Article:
Directed by Josh Greenbaum
If The Short Game is any indication, it’s hard work being a child in the 21st century. The hook of this new documentary is fairly high-concept—it follows eight of over 1500 golfers age 7 or 8 competing at a world championship in Pinehurst, North Carolina—and yet, as slick as it is, it’s hard not to feel both a bit depressed at the almost comically driven subjects and wistful for a relaxed childhood not centered around detailed workouts or tireless practicing.
Director Josh Greenbaum, from pretty much the first shot, teases a deeper exploration of modern childhood around the world while creating the most stylish, flashy package as possible. The pacing is, frankly, so quick that a longer film would be preferable. One hundred minutes just isn’t enough to get to know these kids outside of their surface-level defining traits. One is Anna Kournikova’s younger brother; another is a high-functioning autistic boy living in the Philippines; another is from South Africa, hoping to improve on his standing from last year’s championship. Once the actual 3-day championship begins, The Short Game turns into a feature version of any number of competition reality shows, including narration from an unseen announcer, overly dramatic music (composed by Mark Mothersbaugh, when the soundtrack isn’t using a handful of familiar pop songs), and fast-paced edits.
The Short Game is all shiny veneer, rarely examining its subjects too deeply. Think of Amari, the odds-on favorite for the Girls 8 and Under competition. She’s as driven as any of the other kids in the film—including, presumably, the countless kids who don’t merit any serious focus. In part, though, Amari is determined because her father, Andre, is unable to check his emotions at the door. All of the parents in the film, one presumes, mean well. (The mother of Augustin, a young French boy, seems equally as pushy as Andre, reducing him to tears after a bout of poor play.) But he can’t hide how angry he is when his daughter misses a birdie shot or chips a shot into the trees, so neither can she. These two are perhaps the harshest example of the damaging parent-child relationship that’s so typical in modern culture: the parent who can barely hide how he or she is making the child pursue his or her own dreams, not the child’s. Amari is very good at golf, of course, but it seems like she’s more concerned with making her temperamental father—who seems legitimately confused about why she lets her emotions get the best of her, even though she’s 8 and that’s how kids typically operate—happy, not with winning.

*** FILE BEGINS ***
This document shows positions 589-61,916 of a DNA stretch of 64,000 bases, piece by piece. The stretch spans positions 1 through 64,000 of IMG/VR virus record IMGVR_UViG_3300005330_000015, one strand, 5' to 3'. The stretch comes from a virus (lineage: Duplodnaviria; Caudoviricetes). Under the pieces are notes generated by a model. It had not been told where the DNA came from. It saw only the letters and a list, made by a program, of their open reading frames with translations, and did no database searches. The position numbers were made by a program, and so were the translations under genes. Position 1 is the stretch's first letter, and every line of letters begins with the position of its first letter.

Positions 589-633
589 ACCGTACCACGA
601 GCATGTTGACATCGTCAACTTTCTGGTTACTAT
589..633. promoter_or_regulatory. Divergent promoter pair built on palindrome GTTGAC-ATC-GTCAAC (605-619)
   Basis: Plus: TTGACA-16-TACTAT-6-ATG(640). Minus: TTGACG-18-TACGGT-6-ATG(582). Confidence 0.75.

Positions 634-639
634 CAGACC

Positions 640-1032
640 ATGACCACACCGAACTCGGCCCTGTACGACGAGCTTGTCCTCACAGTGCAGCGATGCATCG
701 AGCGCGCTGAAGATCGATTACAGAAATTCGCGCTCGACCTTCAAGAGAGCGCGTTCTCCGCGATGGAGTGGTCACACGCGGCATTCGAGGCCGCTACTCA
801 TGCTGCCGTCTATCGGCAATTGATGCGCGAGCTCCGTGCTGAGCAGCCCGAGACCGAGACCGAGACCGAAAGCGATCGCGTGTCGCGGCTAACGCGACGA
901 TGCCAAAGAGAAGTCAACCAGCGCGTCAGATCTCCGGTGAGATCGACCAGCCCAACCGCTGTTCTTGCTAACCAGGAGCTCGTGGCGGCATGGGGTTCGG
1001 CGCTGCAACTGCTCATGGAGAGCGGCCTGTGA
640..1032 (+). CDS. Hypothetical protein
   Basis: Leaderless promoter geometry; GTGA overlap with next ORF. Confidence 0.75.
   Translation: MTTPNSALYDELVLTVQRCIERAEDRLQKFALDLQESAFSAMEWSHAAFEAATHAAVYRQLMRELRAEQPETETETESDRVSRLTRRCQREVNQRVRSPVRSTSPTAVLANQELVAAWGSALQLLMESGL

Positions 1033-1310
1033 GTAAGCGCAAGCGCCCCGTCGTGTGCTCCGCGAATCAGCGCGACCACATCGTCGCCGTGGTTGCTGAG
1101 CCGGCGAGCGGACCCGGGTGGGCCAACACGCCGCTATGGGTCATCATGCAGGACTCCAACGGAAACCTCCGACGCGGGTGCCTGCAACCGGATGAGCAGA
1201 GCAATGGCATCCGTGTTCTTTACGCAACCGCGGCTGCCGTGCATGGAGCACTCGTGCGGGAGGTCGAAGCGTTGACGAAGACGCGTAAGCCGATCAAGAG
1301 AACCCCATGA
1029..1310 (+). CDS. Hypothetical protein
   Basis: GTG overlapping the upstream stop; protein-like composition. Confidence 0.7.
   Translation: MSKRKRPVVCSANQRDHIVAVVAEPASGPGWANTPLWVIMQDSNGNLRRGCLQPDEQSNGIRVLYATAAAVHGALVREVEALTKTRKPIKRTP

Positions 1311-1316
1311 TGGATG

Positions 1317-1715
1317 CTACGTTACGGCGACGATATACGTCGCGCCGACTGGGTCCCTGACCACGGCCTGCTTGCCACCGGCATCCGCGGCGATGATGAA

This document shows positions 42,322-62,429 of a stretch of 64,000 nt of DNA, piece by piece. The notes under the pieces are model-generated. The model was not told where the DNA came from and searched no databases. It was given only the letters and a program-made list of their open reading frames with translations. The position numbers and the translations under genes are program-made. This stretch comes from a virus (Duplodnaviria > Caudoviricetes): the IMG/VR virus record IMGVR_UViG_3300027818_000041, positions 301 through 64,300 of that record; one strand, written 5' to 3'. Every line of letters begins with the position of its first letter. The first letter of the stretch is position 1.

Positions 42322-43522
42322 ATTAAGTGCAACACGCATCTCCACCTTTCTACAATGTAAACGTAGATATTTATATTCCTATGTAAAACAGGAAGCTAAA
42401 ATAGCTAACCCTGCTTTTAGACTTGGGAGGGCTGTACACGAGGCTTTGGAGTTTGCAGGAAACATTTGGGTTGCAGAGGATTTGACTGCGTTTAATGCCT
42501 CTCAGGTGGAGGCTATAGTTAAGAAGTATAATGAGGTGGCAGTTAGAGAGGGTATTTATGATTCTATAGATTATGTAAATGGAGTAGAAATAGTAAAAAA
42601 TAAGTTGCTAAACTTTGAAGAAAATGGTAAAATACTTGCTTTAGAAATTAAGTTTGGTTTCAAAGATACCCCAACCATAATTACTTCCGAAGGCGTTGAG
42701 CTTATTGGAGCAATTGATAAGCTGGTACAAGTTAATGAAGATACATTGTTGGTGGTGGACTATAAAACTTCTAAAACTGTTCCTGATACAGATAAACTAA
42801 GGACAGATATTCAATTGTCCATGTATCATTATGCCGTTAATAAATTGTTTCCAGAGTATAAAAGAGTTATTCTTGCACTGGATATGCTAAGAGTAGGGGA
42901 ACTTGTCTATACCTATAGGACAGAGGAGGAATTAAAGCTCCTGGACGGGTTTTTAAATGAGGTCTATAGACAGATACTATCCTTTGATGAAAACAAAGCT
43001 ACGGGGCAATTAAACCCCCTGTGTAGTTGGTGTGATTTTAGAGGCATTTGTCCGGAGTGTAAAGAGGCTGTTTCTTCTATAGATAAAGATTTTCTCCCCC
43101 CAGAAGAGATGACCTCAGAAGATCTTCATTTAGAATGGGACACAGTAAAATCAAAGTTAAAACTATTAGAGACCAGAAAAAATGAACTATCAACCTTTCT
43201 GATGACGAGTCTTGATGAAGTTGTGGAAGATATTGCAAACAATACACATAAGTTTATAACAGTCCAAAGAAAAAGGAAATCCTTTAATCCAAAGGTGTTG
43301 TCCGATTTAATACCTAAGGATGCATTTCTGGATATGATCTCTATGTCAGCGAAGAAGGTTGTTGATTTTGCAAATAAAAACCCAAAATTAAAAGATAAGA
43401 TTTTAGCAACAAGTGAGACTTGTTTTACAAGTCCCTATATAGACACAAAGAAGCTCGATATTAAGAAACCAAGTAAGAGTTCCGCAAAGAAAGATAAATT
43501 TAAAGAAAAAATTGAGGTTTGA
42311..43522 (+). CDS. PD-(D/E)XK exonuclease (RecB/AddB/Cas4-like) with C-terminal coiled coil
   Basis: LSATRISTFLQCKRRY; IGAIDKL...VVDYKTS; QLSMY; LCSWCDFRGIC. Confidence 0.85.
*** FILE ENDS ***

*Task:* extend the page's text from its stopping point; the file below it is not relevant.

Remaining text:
This may seem like armchair child psychology, but then, The Short Game isn’t offering much more than that. Each parent-child combination—although many of the kids are in a two-parent family, most of them are only accompanied by one on their trip to Pinehurst—represents a different facet of the modern child, from the mild braggart to the easily frazzled to the meek. Their lives are complex, but this movie is not. Each of these kids could be the focus of their own documentary. What must it be like to excel at sports and be autistic? What is it like to practice golf without actual equipment, but by creating a makeshift course in your father’s office, replete with a golf ball made of balled-up Scotch tape? And what’s it like trying to win a golf tournament despite being smaller and less strong than your competitors? Greenbaum poses these questions simply by making Jed Dy, Kuang Yang, and Sky Sudbury major parts of The Short Game, but as soon as we’ve met them, it’s time to wrap up their stories. Perhaps ideally, Greenbaum could follow the structure of something like the Up series of documentaries, constantly revisiting this octet to see if they’ve followed their passion for golfing, or if life has pushed them in another direction. In all likelihood, though, the next time we may hear of any of these kids is if they end up following that dream and finding their way onto the highlight reel on SportsCenter.
One of the more striking elements of The Short Game is the adult players who are mentioned, seen, or heard from. (A few, such as Jack Nicklaus and Annika Sorenstam, appear in talking head interviews.) If there is an idol the kids appear to share, it’s Tiger Woods, also seen as a youngster on a 1970s talk show displaying his prowess at a young age. Woods is, of course, an insanely talented athlete even now; however, it’s a bit strange watching kids speak fondly of a man who’s as well-known for his personal indiscretions as for his professional triumphs. And The Short Game is not terribly intrigued by exploring what this means, whether these kids even know of the Tiger Woods controversy of the last few years. Maybe they don’t. Maybe they do, but don’t care. For all its surface-level entertainment, The Short Game not only doesn’t go deep, it doesn’t even seem to be interested in figuring out what makes these kids tick.
— Josh Spiegel